Cross-linking of CD81 by HCV-E2 or anti-CD81 antibody blocks NK cell activation, cytokine production, and cytotoxic granule release induced by CD16 and IL-2 induced proliferation. Purified, cultured NK cells were stimulated for 24 or 48 h and the supernatants were analyzed for cytokine (TNF-α or IFN-γ) production (A and B). NK cells were stimulated for 24 h and then analyzed by flow cytometry to evaluate the expression level of the activation marker CD25 (C). 105 purified NK cells were stimulated for 4 h and supernatants were assayed for BLT-esterase activity which is defined as the percentage of the total BLT-esterase activity obtained from the same number of lysed NK cells (D). For these experiments (A–D) NK cells were cultured in the presence of the indicated concentrations of the anti-CD16 antibody alone (♦) or in combination with 10 μg/ml of: anti-CD56 (▴); anti–HCV-E2 (▪); anti-CD81 (○) or anti–HCV-E2 + rHCV-E2 (□). In E, NK cell proliferation in the presence or absence of rIL-2 was determined by 3[H]thymidine incorporation. NK cells were cultured at the indicated doses of rIL-2 alone (♦) or in combination with 10 μg/ml of: anti-CD56 (▴); anti-HCV-E2 (▪); anti-CD81 (○) or anti–HCV-E2 + rHCV-E2 (□). Experiments to determine the optimal concentrations of anti-CD81 or anti–HCV-E2 + rHCV-E2 required for NK cell inhibition, demonstrated that the negative effect was detectable over a broad range of concentrations (2.5–20 μg/ml), with 10 μg/ml giving the most potent and consistent inhibition compared with controls (data not shown).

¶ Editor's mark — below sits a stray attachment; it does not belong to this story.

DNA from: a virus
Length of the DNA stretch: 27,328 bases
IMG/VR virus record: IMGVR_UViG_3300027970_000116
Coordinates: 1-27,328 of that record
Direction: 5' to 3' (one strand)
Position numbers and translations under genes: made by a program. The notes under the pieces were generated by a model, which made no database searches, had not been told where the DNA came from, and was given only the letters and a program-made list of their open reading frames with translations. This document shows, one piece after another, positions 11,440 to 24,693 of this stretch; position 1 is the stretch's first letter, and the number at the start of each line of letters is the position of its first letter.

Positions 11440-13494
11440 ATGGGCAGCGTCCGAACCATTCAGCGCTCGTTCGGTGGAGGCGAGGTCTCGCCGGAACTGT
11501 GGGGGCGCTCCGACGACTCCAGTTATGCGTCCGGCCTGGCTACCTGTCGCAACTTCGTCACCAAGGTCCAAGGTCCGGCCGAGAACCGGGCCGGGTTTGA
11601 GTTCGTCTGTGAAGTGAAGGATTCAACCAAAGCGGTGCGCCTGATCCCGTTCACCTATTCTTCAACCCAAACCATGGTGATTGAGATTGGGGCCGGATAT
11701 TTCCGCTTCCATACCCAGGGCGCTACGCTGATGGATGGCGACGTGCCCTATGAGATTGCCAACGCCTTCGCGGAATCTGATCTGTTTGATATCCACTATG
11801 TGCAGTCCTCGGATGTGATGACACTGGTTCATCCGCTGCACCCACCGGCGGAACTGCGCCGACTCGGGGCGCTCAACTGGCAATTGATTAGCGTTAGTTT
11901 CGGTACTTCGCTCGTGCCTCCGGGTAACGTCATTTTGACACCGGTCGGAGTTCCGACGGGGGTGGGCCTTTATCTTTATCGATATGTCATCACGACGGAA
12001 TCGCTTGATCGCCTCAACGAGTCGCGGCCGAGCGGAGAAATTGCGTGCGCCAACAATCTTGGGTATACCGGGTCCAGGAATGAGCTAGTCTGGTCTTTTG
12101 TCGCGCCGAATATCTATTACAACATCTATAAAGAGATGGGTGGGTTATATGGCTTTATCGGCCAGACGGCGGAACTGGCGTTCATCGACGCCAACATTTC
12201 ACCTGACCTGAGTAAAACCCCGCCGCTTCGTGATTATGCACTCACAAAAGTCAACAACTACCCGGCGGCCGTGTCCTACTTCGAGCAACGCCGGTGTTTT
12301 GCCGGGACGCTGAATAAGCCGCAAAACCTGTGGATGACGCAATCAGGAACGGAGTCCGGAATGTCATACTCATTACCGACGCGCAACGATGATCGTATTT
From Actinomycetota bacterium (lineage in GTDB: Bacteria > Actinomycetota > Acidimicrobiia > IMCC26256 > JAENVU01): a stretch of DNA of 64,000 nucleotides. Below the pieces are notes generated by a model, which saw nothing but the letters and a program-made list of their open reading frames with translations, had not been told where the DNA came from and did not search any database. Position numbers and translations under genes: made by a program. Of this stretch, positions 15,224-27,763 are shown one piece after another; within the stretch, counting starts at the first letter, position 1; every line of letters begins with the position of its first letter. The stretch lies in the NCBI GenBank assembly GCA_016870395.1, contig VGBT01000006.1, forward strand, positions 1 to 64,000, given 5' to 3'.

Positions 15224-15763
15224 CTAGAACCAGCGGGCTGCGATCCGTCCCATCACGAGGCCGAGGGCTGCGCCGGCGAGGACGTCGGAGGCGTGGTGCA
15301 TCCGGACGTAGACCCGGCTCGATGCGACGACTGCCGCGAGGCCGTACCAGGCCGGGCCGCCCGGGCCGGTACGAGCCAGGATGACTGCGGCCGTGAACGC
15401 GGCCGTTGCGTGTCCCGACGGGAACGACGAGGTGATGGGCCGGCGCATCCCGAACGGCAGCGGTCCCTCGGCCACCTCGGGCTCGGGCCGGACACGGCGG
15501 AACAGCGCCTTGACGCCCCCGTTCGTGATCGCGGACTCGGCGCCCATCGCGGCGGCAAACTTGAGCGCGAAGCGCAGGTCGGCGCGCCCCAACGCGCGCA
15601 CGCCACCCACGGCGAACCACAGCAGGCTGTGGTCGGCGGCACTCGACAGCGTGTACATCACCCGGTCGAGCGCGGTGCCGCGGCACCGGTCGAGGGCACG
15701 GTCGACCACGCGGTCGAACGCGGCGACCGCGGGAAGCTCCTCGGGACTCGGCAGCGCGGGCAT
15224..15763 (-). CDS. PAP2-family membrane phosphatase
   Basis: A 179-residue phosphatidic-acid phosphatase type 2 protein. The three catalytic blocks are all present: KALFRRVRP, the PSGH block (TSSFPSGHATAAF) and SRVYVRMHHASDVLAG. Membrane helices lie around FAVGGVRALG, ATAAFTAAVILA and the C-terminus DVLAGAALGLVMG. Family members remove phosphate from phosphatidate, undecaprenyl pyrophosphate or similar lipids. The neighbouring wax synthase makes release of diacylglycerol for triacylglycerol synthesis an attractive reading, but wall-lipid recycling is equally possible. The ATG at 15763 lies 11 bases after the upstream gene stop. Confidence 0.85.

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Related In: Results  -  Collection

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getmorefigures.php?uid=PMC2196014&req=5